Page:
Posted by Stella from 12-248-16-41.client.attbi.com (126.96.36.199) on Friday, September 06, 2002 at 2:39PM :
To go from 4 days of being surrounded by intoxicating Assyrian-Chaldean B.O. ridden old men congregating with scantily clad pre-teens to an environment without so many Assyrians all in one place, the transition can be a little rough. Iím having convention withdrawals already.
The first day was spent at an amazing seminar on Women in the Middle East and their role in society. Doc. Katrine Michael gave a talk on her research on the roles society has imposed on women and their origins but not so much. That wasnít the great part though. The awesome part of the seminar was when a very cool chick who shall remain nameless got up and gave her two cents about the origin of the role of women today. It was so great that I forgot what she said. Something about encouraging women and the male role. Iíll try and get a quote from her. Honestly though, a sad part of the seminar was that there were hardly any women there, young or old. Most of the audience was men. It would have been nice for a bit more young women to have been there to support their issues pertaining to them. Though I do have to say that the few women who were there that made their comments were strong. These mothers who have lived in the extreme patriarchal societies like those in the Middle East managed to maintain their strength and roles as people who contribute so much to society.
Another cool seminar we went to was on Assyrians in Diaspora. Doc. Eden Naby gave a short talk on an Assyrian from Urmi (forgot his name) who lived during the late 19th and early 20th centuries and lost half his nuclear family to the 1915 genocide. Nenos Demarche, a student from Canada, spoke about the Assyrians in Canada. We missed Malpana Mammoís (I donít remember his first name! Díoh!) talk, although he did manage to sum it all up again in Western Assyrian though.
My absolute favorite daytime event was the poetry reading. Ninos Aho, Yosep Bet Yosep, Malpana Mammo and two other men recited their poetry. All the poems were great works of art that will inspire any soul to express their love for their culture, however no one does it quite like Ninos Aho. He has the voice to deliver such powerful words. When he recited his poem ďAtouraya KhataĒ with his BOOMING voice, the hairs on my arms stood straight up. Iíll try and post a transliteration and a translation of it. Get his cd!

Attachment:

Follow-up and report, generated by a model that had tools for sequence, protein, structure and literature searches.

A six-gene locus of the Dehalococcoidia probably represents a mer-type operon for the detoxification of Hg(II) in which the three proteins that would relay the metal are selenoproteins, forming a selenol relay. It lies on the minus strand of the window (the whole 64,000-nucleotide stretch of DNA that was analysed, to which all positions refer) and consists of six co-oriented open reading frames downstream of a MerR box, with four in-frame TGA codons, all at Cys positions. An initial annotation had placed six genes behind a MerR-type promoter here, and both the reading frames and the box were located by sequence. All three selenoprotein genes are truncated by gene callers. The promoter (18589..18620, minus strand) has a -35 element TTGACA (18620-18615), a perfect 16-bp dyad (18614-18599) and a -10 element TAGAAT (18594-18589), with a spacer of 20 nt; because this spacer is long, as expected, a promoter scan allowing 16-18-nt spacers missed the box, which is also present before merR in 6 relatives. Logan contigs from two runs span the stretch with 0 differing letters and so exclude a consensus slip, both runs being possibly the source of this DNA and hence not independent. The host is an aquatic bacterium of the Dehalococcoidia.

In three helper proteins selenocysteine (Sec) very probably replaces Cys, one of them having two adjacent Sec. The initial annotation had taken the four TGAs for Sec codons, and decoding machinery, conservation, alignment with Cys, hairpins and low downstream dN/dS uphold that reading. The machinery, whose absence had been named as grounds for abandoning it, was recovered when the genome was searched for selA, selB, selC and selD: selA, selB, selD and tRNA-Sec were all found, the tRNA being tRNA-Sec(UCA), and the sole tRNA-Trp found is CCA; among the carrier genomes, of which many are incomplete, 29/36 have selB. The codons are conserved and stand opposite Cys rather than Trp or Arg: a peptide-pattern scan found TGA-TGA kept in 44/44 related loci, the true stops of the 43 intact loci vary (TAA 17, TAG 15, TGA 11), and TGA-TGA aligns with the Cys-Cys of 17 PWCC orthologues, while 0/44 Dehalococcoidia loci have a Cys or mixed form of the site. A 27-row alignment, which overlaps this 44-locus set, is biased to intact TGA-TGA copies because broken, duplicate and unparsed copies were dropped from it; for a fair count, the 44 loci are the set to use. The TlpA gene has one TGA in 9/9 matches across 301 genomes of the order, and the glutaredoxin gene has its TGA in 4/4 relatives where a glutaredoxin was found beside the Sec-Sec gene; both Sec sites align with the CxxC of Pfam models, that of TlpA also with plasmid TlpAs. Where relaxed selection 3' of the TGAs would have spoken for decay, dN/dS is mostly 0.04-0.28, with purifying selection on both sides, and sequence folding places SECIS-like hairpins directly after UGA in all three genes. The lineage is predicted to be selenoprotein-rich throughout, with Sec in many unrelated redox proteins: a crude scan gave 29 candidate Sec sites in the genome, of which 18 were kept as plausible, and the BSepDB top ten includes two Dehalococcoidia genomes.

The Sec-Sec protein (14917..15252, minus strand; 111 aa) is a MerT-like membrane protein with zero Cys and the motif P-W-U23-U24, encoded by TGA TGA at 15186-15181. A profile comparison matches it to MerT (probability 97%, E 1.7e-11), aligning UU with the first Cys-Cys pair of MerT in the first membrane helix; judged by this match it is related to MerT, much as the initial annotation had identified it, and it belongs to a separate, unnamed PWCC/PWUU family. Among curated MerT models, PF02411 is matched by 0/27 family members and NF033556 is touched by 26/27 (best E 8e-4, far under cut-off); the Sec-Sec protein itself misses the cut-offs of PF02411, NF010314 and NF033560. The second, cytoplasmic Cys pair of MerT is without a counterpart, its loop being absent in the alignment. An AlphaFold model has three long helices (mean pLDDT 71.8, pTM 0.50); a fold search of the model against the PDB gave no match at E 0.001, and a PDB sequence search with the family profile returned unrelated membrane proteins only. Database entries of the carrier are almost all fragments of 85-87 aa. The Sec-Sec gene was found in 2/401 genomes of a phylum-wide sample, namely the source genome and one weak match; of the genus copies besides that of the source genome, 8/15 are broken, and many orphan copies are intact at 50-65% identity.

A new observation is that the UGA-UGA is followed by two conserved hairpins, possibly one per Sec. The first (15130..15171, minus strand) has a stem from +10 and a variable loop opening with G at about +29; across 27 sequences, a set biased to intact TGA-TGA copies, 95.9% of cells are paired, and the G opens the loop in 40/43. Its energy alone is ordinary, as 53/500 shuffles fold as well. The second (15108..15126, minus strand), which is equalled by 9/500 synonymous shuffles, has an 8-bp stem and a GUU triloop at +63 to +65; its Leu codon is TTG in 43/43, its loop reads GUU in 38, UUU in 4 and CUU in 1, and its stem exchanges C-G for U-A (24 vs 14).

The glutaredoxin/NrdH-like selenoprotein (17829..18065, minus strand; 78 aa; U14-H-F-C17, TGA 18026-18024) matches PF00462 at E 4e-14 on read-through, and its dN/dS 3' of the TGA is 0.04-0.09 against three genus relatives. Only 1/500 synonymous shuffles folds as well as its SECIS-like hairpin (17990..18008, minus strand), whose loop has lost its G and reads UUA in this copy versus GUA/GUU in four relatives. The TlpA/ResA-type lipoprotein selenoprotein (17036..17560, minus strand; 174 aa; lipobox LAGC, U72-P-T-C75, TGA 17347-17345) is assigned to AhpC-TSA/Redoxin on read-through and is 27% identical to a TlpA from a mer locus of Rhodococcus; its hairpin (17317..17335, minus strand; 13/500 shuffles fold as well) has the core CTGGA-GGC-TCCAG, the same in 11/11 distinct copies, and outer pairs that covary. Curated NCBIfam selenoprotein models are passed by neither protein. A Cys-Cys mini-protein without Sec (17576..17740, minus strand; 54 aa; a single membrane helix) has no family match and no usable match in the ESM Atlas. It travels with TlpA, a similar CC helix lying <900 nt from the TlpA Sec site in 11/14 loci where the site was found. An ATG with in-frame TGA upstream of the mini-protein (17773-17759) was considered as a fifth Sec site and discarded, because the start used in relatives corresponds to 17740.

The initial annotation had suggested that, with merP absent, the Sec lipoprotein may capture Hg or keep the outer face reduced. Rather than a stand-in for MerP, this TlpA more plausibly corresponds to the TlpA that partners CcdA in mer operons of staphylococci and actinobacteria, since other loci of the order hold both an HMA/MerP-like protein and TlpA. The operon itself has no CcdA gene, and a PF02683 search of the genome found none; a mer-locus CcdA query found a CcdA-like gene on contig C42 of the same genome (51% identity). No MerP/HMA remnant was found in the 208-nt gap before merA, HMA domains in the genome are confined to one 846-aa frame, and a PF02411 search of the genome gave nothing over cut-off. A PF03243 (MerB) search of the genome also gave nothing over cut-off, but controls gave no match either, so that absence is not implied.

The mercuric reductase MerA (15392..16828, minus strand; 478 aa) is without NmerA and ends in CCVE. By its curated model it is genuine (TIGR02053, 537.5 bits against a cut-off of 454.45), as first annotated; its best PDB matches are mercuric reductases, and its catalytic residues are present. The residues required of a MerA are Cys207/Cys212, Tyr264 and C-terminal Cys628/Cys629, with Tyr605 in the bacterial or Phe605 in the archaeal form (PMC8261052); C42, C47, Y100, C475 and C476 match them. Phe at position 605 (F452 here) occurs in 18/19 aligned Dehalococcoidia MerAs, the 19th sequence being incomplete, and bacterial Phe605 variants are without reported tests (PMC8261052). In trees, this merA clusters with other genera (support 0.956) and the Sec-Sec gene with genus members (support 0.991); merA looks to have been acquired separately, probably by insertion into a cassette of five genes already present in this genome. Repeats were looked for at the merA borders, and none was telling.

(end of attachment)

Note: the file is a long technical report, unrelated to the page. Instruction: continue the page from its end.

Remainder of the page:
The lady who spoke about judging and stereotypes at the youth initiative seminar was Brenda Rosenberg. Let me tell you all about this remarkable woman. She has probably done more in her 50something years on earth than 10 people have done in their lifetime. She started off as a buyer for Saks I think and then went on to have her own fashion retailing and manufacturing consulting firm. Sheís worked with many Jewish groups, self help as well as more broader community services. Her focus now is on working with interfaith groups. This woman rocked my world. Iím gonna try and see if she can speak here in Chicago on stereotypes and racism.
Jeff is absolutely right when he said itís not these seminars or the parties that made the convention experience great. It was the allnighter our little convention crew pulled just chatting and goofing around. It was the 3am chats with the Assyrian poets you most admire. It was the silly banter over dinner with people youíve been curious about meeting and with others who youíve only heard about. The ideas exchanged, the new friends that were made, to me, thatís what made the convention a blast.
I just want to say that I walked in the lobby the first day expecting a Roman bath house where everyone would be nekkid and doing the horizontal monkey dance. I am happy to say that most people were fully clothed and very well behaved. This was a very well organized convention. 2 thumps up!
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